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  • The Big Thaw
    Posted by Frank Morring, Jr. 8:29 PM on Feb 09, 2012

    Greenland is melting. So is Antarctica, and most of the 200,000 glaciers elsewhere in the world.

    blog post photo
    Greenland Tourism

    Overall, some 4.3 trillion tons of ice melted between 2003 and 2010.

    That figure was calculated from data generated by the twin Gravity Recovery and Climate Experiment (Grace) satellites. Launched in 2002, the U.S-German mission maps Earth's lumpy gravity by measuring the distance between the two satellites, which varies with the density of the surface below their tandem orbit.

    Over time, changes in the density where there is ice show how much of it has melted as Earth's climate warms.

    blog post photo
    NASA/JPL-Caltech/University of Colorado

    When frozen, the melted ice would have formed a cube 1,000 miles on a side, according to the calculations. In liquid form, it added about a half inch to the global sea level.

    "Earth is losing a huge amount of ice to the ocean annually, and these new results will help us answer important questions in terms of both sea rise and how the planet's cold regions are responding to global change," says John Wahr, a physics professor at the University of Colorado, Boulder, who helped lead the study of Grace data that produced the map, and this video representation of the data.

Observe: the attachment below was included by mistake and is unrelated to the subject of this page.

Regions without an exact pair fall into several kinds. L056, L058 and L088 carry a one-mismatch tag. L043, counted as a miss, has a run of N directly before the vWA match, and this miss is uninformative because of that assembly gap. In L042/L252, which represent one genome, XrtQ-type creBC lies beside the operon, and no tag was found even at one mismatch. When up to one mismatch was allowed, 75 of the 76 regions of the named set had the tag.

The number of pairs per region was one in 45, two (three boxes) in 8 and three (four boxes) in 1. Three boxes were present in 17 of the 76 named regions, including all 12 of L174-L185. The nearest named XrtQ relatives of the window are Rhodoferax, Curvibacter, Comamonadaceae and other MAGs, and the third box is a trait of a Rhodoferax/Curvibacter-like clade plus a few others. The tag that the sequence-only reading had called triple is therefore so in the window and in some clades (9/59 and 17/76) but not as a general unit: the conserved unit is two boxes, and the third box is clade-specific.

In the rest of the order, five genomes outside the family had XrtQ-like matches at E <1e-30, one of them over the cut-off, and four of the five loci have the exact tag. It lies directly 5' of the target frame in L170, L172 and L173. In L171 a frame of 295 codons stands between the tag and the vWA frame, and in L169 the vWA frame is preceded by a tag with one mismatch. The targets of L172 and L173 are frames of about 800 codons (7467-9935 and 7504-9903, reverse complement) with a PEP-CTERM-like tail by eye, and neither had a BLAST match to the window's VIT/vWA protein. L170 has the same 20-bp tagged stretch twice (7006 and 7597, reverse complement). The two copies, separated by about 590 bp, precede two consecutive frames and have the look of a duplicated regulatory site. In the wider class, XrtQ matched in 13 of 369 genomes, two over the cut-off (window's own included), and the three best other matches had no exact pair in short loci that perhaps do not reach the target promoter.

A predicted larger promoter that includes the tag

From its orbital perch, the Grace satellites can take a much broader view of ice melt than is possible with ground-based studies. Before the Grace findings were published Wednesday in the journal Nature, the best data on ice melt in the high mountains of Central Asia -- the Himalaya, Pamir and Tien Shan -- came from projections from ground measurements. Those estimates ranged as high as 50 billion tons of ice melt per year in the region.

    But the Grace data map reproduced below shows that figure was high. Instead of 50 billion tons, the three ranges lose about 4 billion tons a year.

    blog post photo
    NASA/JPL-Caltech/University of Colorado

    In the map, the black dots represent glaciers. Blue denotes mass loss, while red shows gains in ice mass. Most of the mass loss in the region can be attributed to ground water depletion in the plains south of the mountains.

    "The Grace results in this region really were a surprise," says Wahr, suggesting that that the higher estimates didn't take into account glaciers at very high altitudes that are hard to reach.

    "Unlike the lower glaciers, most of the high glaciers are located in very cold environments and require greater amounts of atmospheric warming before local temperatures rise enough to cause significant melting," Wahr says.

    Tags: os99

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